African ancestry, early life exposures, and respiratory morbidity in early childhood

R. Kumar, H. J. Tsai, X. Hong, C. Gignoux, C. Pearson, K. Ortiz, M. Fu, J. A. Pongracic, E. G. Burchard, H. Bauchner, X. Wang

Research output: Contribution to journalArticlepeer-review

Abstract

Background: Racial disparities persist in early childhood wheezing and cannot be completely explained by known risk factors. Objective: To evaluate the associations of genetic ancestry and self-identified race with early childhood recurrent wheezing, accounting for socio-economic status (SES) and early life exposures. Methods: We studied 1034 children in an urban, multi-racial, prospective birth cohort. Multivariate logistic regression was used to evaluate the association of genetic ancestry as opposed to self-identified race with recurrent wheezing (>3 episodes). Sequential models accounted for demographic, socio-economic factors and early life risk factors. Genetic ancestry, estimated using 150 ancestry informative markers, was expressed in deciles. Results: Approximately 6.1% of subjects (mean age 3.1 years) experienced recurrent wheezing. After accounting for SES and demographic factors, African ancestry (OR: 1.16, 95% CI: 1.02-1.31) was significantly associated with recurrent wheezing. By self-reported race, hispanic subjects had a borderline decrease in risk of wheeze compared with African Americans (OR: 0.44, 95% CI: 0.19-1.00), whereas white subjects (OR: 0.46, 95% CI: 0.14-1.57) did not have. After further adjustment for known confounders and early life exposures, both African (OR: 1.19, 95% CI: 1.05-1.34) and European ancestry (OR: 0.84, 95% CI: 0.74-0.94) retained a significant association with recurrent wheezing, as compared with self-identified race (OR whites: 0.31, 95% CI: 0.09-1.14; OR hispanic: 0.47, 95% CI: 0.20-1.08). There were no significant interactions between ancestry and early life factors on recurrent wheezing. Conclusions and Clinical Relevance: In contrast to self-identified race, African ancestry remained a significant, independent predictor of early childhood wheezing after accounting for early life and other known risk factors associated with lung function changes and asthma. Genetic ancestry may be a powerful way to evaluate wheezing disparities and a proxy for differentially distributed genetic and early life risk factors associated with childhood recurrent wheezing.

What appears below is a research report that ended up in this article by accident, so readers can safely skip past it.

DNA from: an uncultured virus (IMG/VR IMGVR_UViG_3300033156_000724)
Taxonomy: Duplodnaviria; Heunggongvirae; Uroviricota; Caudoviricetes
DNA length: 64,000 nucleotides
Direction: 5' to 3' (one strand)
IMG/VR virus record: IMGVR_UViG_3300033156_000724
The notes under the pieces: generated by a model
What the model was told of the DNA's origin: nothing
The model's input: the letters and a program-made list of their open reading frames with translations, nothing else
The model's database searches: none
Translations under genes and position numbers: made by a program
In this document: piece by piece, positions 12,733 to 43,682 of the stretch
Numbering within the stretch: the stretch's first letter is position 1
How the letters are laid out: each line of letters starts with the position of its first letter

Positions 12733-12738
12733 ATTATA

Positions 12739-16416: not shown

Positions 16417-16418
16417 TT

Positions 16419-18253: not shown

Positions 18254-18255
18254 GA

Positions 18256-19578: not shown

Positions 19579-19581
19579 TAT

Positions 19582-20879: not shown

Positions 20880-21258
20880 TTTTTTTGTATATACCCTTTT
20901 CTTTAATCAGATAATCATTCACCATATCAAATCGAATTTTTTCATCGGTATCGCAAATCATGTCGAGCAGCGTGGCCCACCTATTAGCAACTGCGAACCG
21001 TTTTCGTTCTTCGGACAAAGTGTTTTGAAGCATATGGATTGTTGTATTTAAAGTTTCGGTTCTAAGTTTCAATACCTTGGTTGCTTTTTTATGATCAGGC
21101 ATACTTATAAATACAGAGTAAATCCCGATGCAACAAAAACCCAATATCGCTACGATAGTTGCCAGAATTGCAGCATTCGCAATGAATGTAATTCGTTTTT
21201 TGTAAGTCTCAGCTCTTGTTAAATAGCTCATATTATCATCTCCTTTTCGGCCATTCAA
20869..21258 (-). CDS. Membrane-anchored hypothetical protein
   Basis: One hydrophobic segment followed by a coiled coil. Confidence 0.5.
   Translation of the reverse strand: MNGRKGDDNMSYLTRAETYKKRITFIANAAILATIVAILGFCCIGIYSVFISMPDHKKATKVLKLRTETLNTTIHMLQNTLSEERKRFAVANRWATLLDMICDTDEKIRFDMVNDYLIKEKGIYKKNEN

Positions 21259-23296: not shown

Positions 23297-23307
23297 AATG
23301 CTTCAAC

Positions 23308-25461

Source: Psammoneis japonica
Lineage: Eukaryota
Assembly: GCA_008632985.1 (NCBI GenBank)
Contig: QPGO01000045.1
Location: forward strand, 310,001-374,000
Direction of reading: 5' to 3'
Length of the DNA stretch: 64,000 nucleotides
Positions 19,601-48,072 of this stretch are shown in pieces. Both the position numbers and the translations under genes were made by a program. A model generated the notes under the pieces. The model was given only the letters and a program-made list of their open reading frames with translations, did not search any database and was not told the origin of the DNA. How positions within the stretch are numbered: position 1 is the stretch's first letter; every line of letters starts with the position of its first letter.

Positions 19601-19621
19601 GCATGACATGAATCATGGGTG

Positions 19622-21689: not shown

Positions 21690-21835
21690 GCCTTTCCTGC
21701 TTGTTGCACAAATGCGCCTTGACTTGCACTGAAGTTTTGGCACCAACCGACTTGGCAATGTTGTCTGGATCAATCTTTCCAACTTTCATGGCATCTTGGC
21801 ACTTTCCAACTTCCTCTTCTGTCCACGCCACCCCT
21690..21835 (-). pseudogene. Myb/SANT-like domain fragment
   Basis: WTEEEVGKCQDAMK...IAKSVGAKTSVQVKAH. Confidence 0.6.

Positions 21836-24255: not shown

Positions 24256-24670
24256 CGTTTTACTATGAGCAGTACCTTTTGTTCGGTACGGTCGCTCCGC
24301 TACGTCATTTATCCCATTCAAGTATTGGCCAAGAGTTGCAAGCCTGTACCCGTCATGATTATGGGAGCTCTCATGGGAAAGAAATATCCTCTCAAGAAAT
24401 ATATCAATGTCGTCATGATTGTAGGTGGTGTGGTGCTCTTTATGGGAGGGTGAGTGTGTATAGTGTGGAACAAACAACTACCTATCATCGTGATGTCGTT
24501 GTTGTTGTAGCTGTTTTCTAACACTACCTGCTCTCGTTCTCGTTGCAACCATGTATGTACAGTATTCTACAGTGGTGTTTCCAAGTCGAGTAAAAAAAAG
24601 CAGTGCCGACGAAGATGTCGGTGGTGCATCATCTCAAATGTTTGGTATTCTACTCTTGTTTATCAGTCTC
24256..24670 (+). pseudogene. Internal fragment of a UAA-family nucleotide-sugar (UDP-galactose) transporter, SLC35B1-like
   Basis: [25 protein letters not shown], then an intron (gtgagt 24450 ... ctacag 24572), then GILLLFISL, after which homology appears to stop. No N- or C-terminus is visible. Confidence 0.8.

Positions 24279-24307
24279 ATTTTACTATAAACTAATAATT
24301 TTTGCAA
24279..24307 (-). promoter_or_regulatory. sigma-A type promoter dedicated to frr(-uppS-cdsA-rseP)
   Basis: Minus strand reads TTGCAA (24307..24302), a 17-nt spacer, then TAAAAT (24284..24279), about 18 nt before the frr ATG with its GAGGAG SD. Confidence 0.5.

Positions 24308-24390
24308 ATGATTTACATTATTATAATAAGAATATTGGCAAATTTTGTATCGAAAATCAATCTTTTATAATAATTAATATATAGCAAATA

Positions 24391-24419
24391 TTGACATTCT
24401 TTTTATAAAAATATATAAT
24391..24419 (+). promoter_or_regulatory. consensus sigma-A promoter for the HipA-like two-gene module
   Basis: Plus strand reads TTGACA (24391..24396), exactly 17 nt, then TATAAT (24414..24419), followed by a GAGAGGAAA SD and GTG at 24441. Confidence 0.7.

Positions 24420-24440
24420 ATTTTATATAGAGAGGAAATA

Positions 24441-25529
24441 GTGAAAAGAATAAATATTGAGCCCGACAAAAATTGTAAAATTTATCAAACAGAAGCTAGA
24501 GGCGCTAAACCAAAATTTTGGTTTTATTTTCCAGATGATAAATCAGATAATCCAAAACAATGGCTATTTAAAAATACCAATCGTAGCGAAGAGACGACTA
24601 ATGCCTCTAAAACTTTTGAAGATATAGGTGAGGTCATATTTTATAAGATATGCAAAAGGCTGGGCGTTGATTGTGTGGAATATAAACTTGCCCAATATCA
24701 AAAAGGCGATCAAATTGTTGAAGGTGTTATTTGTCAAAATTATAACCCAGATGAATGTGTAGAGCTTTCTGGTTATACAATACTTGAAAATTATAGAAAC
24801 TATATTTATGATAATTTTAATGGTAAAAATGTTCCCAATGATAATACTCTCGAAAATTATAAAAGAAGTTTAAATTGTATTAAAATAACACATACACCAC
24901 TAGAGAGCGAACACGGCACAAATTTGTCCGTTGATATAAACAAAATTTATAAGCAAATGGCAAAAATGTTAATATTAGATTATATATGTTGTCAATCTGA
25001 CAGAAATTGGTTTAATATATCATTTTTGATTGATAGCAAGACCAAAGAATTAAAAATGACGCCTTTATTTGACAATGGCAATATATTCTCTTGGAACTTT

Original languageEnglish (US)
Pages (from-to)265-274
Number of pages10
JournalClinical and Experimental Allergy
Volume42
Issue number2
DOIs
StatePublished - Feb 2012

Keywords

  • Early childhood
  • Genetic ancestry
  • Race
  • Wheezing

ASJC Scopus subject areas

  • Immunology and Allergy
  • Immunology

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